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Bacon

From Academic Kids

This article is about bacon, the food item. For other meanings, see bacon (disambiguation). For the movie "Canadian Bacon", see Canadian Bacon (movie).

Bacon is any of certain cuts of meat taken from the sides or back or belly of a pig, cured and possibly smoked. It is generally considered a breakfast dish, cut into thin slices before being fried, or grilled. It is commonly used as an ingredient in recipes, and is valued both as a source of fat and for its flavour.

Missing image
Bacon.jpg
An example of "streaky bacon".

A side of unsliced bacon is known as a flitch. An individual slice of bacon is called a rasher. Traditionally the skin is left on the cut and is known as bacon rind. Rindless bacon is also available as a healthier alternative.

Bacon in North America is predominantly what the British call "streaky bacon" whilst in the United Kingdom and Ireland bacon comes in a wide variety of cuts and flavours.

Curing and smoking

Curing means preserving with salt. The traditional dry-cure process involves taking the meat and rubbing it, over a number of days, with dry salt or a mixture of salt, sugar and spices. It is then left to hang for up to 2 weeks in order for the moisture to be drawn out. It must then be left to cure in a cool, dry, airy environment for anything up to 9 months. Less time is needed if it is going to be smoked.

The alternative wet-cure process (which produces Wiltshire bacon) involves immersing the meat in brine for two to three days. Sweetcure bacon is produced by adding sugar to the brine. Honey-cured bacon has added honey, and maple cure bacon has added maple syrup. The meat must then be left to hang for approximately 2 weeks until it is cured.

Modern mass produced bacon uses the wet-cure process but also involves pumping additional water, sodium nitrite and phosphates directly into the flesh to speed up the process and add bulk. However, this is directly at the expense of flavour. Mass produced bacon is held for curing for 6 to 24 hours before being cooked.

Smoking is used to impart more flavour into the bacon and also to speed up the curing process. Unsmoked bacon is sometimes known as green bacon. Smoked bacon is traditionally produced by allowing the cured meat to hang in a room over a bed of smoking wood chips. Using different varieties of wood (such as apple, beech, cherry, hickory, or oak) gives the cured bacon different flavours. Cold smoking involves leaving the joints at a low temperature fire for anything up to 2-3 weeks. Hot smoking involves using a much higher temperature where the meat is partially cooked over a few days.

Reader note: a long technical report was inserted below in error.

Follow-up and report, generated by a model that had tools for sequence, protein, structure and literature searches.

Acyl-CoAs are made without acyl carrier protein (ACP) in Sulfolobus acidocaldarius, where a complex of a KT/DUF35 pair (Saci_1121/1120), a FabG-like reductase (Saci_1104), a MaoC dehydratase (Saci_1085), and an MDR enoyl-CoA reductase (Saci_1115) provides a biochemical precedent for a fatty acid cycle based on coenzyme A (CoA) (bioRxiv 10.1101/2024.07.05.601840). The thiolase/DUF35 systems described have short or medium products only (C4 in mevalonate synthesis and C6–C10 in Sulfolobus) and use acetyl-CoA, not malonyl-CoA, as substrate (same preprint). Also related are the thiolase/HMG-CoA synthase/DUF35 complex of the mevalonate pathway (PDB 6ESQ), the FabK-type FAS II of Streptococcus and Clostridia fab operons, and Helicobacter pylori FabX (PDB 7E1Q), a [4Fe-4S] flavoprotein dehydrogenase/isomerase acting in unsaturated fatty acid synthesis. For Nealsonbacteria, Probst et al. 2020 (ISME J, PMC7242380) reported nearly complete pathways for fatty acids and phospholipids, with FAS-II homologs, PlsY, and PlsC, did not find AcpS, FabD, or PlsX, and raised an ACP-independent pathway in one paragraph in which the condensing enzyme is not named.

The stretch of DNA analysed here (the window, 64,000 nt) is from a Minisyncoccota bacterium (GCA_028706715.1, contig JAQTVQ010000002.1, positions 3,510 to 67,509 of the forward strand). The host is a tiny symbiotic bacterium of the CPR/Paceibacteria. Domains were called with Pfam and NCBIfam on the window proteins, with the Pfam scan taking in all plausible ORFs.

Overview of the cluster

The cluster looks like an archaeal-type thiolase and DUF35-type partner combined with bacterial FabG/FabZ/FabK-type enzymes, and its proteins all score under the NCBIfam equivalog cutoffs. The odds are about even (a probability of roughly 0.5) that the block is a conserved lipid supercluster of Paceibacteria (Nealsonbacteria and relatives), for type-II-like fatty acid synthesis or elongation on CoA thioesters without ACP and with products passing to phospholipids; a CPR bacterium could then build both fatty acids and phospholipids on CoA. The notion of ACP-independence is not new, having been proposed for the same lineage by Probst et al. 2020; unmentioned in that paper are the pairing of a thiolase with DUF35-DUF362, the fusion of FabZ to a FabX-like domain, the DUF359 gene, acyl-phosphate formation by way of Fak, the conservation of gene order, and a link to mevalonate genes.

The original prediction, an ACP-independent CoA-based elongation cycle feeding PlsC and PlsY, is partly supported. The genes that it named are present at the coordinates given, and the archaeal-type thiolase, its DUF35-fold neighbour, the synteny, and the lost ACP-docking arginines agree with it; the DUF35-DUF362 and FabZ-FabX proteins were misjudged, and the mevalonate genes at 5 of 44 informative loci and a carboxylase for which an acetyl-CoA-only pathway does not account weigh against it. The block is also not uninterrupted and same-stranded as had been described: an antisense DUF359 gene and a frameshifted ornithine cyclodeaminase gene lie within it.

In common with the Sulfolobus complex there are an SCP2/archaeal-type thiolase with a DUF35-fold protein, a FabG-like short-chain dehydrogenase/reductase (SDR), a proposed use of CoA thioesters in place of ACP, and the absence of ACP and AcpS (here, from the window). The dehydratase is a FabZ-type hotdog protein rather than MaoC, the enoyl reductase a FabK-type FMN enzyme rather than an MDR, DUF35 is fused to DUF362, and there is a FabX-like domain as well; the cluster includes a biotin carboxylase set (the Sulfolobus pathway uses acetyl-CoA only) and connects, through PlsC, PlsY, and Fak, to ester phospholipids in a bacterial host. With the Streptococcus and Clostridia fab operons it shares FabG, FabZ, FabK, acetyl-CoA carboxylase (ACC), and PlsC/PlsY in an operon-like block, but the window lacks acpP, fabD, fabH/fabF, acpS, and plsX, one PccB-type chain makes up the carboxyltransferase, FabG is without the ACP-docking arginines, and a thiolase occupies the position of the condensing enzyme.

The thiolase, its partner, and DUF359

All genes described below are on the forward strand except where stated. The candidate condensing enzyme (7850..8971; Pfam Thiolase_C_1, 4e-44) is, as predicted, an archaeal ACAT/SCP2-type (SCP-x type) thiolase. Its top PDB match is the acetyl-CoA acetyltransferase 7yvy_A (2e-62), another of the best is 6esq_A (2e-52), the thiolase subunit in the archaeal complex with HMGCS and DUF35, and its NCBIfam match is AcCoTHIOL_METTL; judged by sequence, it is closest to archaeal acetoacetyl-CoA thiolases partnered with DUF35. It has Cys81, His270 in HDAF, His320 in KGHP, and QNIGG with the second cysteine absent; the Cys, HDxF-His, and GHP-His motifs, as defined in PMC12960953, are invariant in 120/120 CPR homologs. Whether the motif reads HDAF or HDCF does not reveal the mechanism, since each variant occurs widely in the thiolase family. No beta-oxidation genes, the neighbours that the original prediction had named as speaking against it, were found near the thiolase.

Mass produced bacon is cooked in large convection ovens. The ovens can either be of the "batch" or "continuous" variety. In a batch oven, the bacon is cooked and smoked in the same cabinet. In a continuous oven, bacon hung on a monorail system is moved from a cooking cabinet to a smoking cabinet by an overhead chain. Smoke flavor is imparted to the bacon either using natural smoke obtained by burning wood chips, or by spraying the bacon with a liquid smoke extract. Mass production cooking is much quicker than traditional smoking due to the use of convective heat transfer and can be completed in as little as 6 hours.

After cooking and smoking, the bacon must be chilled before being pressed and sliced. In mass production, bacon should be chilled to under 40°F in less than six hours after cooking in order to prevent bacterial growth and promote product shelf life.

Cuts of bacon

Most bacon consumed in the UK is back bacon (also called short back bacon). The cut comes from the loin in the middle of the back of the animal. It is a lean meaty cut of bacon, with relatively less fat compared to other cuts.

Back bacon is known as Canadian bacon in the United States but not in Canada, where it is simply called back bacon. In Canada it is traditionally unsmoked back bacon that has been sweet pickle cured and coated in yellow cornmeal. This variation is also known as peameal bacon, because in times past a mixture of ground yellow peas was used for coating to improve curing and shelf-life. The "Canadian" bacon sold in the United States is plain lean back bacon.

Middle bacon is much like back bacon but is cheaper and somewhat fattier. Collar bacon is taken from the back of a pig near the head. Streaky bacon (the most common form of bacon in the United States) comes from the belly of a pig. It is very fatty with long veins of fat running parallel to the rind. Pancetta is Italian streaky bacon, smoked or green (unsmoked), with a strong flavour.

Gammon is Wiltshire cured bacon rolled into a joint. It is often boiled or baked. Boiled Bacon And Cabbage a traditional Irish recipe uses a gammon joint. Rashers of bacon are a main constituent of the traditional Irish breakfast, along with sausages.

Although Britain has a large pork and bacon industry, much of the bacon consumed in Britain is produced in Denmark, and marketed as Danish bacon (the word "Danish" is stamped on the rind). In 1999 the Conservative Party leader at the time, William Hague, called for a ban on Danish bacon. He claimed that Britain's strict animal welfare regulations meant that British pig farmers could not compete with Danish producers who use a so-called "stall and tether" system.da:Bacon de:Speck nl:Spek ja:ベーコン zh:煙肉

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